I was reading a script about state space representation and at one point it was mentioned that the eigenvalues of the state matrix, in that specific case the complex conjugate pair $\lambda_{1/2}= -0.68 \pm 1.63j $ has a damping factor of about $.4$ .

How can you get the damping factor from a (complex) eigenvalue?


I assume you are talking about continous systems.

To get the damping, draw a line from the eigenvalue to the origin. The slope of that line is the (absolute value of the) damping factor.

Or, as formula: given the eigenvalues $\lambda_i = a_i + j b_i$, the damping factors are

$$ D_i = \frac{-a_i}{\sqrt{a_i^2 + b_i^2}} \tag{1} $$

In your case: $D_1 = \frac{-(-0.68)}{\sqrt{(-0.68)^2 + 1.63^2}} = D_2 = \frac{-(-0.68)}{\sqrt{(-0.68)^2 + (-1.63)^2}} = \frac{0.68}{\sqrt{0.68^2 + 1.63^2}} = 0.385 \approx 0.4$.

If you have a discrete system with sample time $T$, you can first convert the discrete eigenvalues to a continous version from which you can get the damping factors.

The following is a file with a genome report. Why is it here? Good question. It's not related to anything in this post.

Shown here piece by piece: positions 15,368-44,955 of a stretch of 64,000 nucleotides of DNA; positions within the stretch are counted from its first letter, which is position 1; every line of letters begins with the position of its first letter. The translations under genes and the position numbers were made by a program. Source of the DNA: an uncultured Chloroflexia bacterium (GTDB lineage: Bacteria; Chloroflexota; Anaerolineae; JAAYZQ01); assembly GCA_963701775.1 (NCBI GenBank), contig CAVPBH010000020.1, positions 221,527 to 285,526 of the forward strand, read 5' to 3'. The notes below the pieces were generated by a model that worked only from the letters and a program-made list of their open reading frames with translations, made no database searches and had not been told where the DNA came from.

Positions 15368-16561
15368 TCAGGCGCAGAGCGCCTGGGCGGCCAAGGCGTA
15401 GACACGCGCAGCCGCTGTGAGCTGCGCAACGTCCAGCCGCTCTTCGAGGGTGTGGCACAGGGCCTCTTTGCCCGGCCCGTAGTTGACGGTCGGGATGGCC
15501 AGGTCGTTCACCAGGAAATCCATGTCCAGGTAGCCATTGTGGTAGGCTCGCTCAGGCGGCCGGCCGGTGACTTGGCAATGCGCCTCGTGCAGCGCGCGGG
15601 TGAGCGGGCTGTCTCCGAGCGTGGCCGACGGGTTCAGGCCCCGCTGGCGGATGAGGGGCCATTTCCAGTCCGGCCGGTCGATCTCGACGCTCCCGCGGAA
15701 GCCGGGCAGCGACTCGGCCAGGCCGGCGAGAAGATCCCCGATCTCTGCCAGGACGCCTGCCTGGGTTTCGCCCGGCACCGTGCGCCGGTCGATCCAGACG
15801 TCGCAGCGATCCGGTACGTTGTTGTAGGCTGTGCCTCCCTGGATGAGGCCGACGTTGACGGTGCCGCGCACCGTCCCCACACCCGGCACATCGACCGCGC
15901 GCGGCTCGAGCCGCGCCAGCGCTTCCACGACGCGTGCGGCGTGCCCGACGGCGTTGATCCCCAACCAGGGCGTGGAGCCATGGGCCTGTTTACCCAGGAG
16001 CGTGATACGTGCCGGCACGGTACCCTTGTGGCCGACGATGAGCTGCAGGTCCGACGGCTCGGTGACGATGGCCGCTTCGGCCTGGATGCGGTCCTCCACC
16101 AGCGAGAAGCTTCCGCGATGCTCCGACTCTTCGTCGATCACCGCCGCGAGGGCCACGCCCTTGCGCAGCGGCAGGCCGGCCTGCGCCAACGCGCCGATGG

The continous counterpart of the discrete eigenvalues $\tilde{\lambda}_i = \tilde{a}_i + j \tilde{b}_i$, are

$$ \lambda_i = a_i + j b_i = \frac{\log(\tilde{\lambda}_i)}{T} = \frac{\log(\tilde{a}_i + j \tilde{b}_i)}{T} \tag{2} $$

with $\log$ the natural logarithm. Then you can use the same formula $(1)$ as before, just with $(2)$.

  • $\begingroup$ Thank you for your answer! Where does this equation come from? $\endgroup$ – Pilotf4 Dec 1 at 17:38
  • $\begingroup$ @Pilotf4 If you mean who originally came up with that equation - I don't know, unfortunatly. I just know it from several lecture slides and books on control theory, as it is a very common formula. $\endgroup$ – SampleTime Dec 1 at 18:37
  • $\begingroup$ @Pilotf4 It essentially comes from the definition of the damping factor. This has the associated quadratic equation $s^2+2\,\zeta\,\omega_n\,s + \omega_n^2=0$ which has the roots $\lambda=\omega_n\,(-\zeta \pm i \sqrt{1 - \zeta^2})$. The other way around, so given the complex conjugate roots $\lambda=\rho\pm i\,\sigma$, this translates to $\omega_n = \sqrt{\rho^2 + \sigma^2}$ and $\zeta = -\rho / \sqrt{\rho^2 + \sigma^2}$. $\endgroup$ – Kwin van der Veen Dec 1 at 20:01

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